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Province adds hospital beds, builds up health workforce

The Ontario government says it is continuing to accelerate its efforts to add hospital beds and build up the province’s health care workforce to ensure patients can continue to access the health care they need when they need it.

The province collaborated with Ontario Health (OH) and the College of Nurses of Ontario (CNO) on initiatives to deploy internationally educated nurses to hospitals and other health care settings in need of staffing support to work as part of a team under the supervision of a regulated health care provider, such as a registered nurse or doctor.

More than 1,200 internationally educated CNO applicants have expressed interest in participating in these initiatives by mid-January and matching with health-care providers followed with onboarding new staff to continue in the weeks ahead.

“Since the start of the COVID-19 pandemic, Ontario’s hospitals and health care providers have worked tirelessly to protect the health and safety of patients,” Health Minister Christine Elliott said. “Our government has continued to make critical investments in our hospital and health workforce to ensure no resource goes untapped so that our hospitals have the staffing and resources they need to care for patients during this challenging time.”

Expanding opportunities for internationally educated nurses is one more way Ontario is increasing the health care workforce. Since March 2020, the government has launched emergency programs that have already added over 6,700 health care professionals to the system, including acute care settings, long-term care homes and home and community care settings that help to preserve hospital capacity.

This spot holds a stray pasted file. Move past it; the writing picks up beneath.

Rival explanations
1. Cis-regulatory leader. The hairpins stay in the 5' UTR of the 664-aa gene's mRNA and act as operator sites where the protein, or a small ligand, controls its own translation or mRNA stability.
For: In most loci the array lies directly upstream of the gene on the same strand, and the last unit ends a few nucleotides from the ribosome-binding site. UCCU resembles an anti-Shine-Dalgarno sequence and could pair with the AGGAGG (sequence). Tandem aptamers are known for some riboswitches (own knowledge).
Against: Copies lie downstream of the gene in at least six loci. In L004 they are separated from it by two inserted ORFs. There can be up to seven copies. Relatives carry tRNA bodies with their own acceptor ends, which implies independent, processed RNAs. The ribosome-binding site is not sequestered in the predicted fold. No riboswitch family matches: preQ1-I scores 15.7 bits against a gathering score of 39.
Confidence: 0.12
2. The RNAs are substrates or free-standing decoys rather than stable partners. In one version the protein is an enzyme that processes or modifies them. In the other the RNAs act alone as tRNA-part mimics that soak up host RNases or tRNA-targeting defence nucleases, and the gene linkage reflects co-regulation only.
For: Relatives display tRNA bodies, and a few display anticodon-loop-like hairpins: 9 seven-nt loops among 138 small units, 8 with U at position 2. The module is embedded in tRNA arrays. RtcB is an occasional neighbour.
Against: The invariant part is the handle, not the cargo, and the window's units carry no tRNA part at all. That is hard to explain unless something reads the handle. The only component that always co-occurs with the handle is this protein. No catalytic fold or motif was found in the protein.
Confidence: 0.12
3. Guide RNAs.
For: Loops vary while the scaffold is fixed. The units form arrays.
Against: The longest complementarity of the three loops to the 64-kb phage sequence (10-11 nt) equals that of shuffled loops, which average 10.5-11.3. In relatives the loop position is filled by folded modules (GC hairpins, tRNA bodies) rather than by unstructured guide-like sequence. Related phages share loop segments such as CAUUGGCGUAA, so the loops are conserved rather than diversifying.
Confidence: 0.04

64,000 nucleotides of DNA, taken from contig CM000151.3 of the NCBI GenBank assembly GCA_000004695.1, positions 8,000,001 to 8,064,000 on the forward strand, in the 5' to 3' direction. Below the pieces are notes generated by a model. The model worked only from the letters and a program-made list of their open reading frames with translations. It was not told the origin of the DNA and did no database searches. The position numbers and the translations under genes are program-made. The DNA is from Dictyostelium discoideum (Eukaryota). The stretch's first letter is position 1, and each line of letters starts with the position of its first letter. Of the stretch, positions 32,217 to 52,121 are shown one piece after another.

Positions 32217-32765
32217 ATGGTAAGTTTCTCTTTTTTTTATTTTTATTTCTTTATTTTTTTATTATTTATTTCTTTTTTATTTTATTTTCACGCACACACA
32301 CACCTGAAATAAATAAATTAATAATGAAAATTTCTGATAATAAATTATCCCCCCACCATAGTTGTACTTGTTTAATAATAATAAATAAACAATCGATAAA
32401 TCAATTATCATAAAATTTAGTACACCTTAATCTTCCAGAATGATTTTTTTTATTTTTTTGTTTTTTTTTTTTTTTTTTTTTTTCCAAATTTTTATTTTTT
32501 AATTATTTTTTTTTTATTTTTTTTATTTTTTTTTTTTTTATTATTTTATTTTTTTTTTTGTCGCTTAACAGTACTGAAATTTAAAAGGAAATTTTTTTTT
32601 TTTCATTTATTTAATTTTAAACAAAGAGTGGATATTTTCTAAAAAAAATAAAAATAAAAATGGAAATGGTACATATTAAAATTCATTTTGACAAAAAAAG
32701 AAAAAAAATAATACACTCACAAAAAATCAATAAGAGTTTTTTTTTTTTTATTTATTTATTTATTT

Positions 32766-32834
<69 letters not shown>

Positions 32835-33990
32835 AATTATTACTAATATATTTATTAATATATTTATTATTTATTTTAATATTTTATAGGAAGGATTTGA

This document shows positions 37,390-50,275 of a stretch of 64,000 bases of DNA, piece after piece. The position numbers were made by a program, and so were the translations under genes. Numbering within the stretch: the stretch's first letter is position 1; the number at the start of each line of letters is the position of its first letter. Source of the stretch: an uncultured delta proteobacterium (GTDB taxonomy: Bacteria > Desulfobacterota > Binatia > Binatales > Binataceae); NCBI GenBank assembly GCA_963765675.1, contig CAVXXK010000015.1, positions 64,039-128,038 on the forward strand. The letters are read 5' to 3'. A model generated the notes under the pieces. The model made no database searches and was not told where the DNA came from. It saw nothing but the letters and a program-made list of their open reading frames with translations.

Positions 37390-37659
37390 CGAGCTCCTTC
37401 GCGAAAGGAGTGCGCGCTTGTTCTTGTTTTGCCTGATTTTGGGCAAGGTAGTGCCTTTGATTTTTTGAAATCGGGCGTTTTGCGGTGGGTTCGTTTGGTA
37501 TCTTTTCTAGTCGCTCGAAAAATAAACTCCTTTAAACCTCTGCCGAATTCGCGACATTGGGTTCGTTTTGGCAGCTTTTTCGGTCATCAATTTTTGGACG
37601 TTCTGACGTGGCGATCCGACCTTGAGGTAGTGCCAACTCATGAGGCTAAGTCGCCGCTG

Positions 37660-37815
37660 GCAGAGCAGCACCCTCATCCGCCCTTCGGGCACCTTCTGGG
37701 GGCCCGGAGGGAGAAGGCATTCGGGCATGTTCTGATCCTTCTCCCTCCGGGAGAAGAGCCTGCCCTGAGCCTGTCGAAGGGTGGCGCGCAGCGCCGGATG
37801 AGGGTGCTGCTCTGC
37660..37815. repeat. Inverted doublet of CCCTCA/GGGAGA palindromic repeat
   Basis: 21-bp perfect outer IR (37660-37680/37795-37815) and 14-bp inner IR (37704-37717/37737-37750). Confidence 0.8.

These programs will also provide hospitals with the capacity to add another 6,000 additional providers to high-need hospitals to support staffing pressures due to COVID-19 by March 31, 2022, including the deployment of nursing students and other health care providers-in-training.

Ontario has also built unprecedented hospital capacity since the start of the pandemic, including $5.1 billion to add 3,100 beds across the province for a total of approximately 17,000 medical and surgical beds. Through additional investments, the province now has a total of 2,436 adult and paediatric ICU beds.

“More than ever, this wave of the pandemic will require us to work as a system, ensuring we utilize all of our provincial resources to meet the needs of patients,” said Matthew Anderson, President and CEO of Ontario Health. “We are working closely with hospital and health care partners to maintain and protect capacity across the system.”

As of mid-January, over 5,100 Ontarians have registered through the Ontario COVID-19 Volunteer Portal and the Health Workforce Matching Portal and have answered the province’s call to arms to businesses, volunteers and retired health professionals to help further boost capacity to administer vaccines and get more boosters into arms sooner.

This includes over 1,900 regulated health professionals (active license and retired), firefighters, first responders, and health professionals in training that have been sent for immunizer training to support the province’s vaccine effort.

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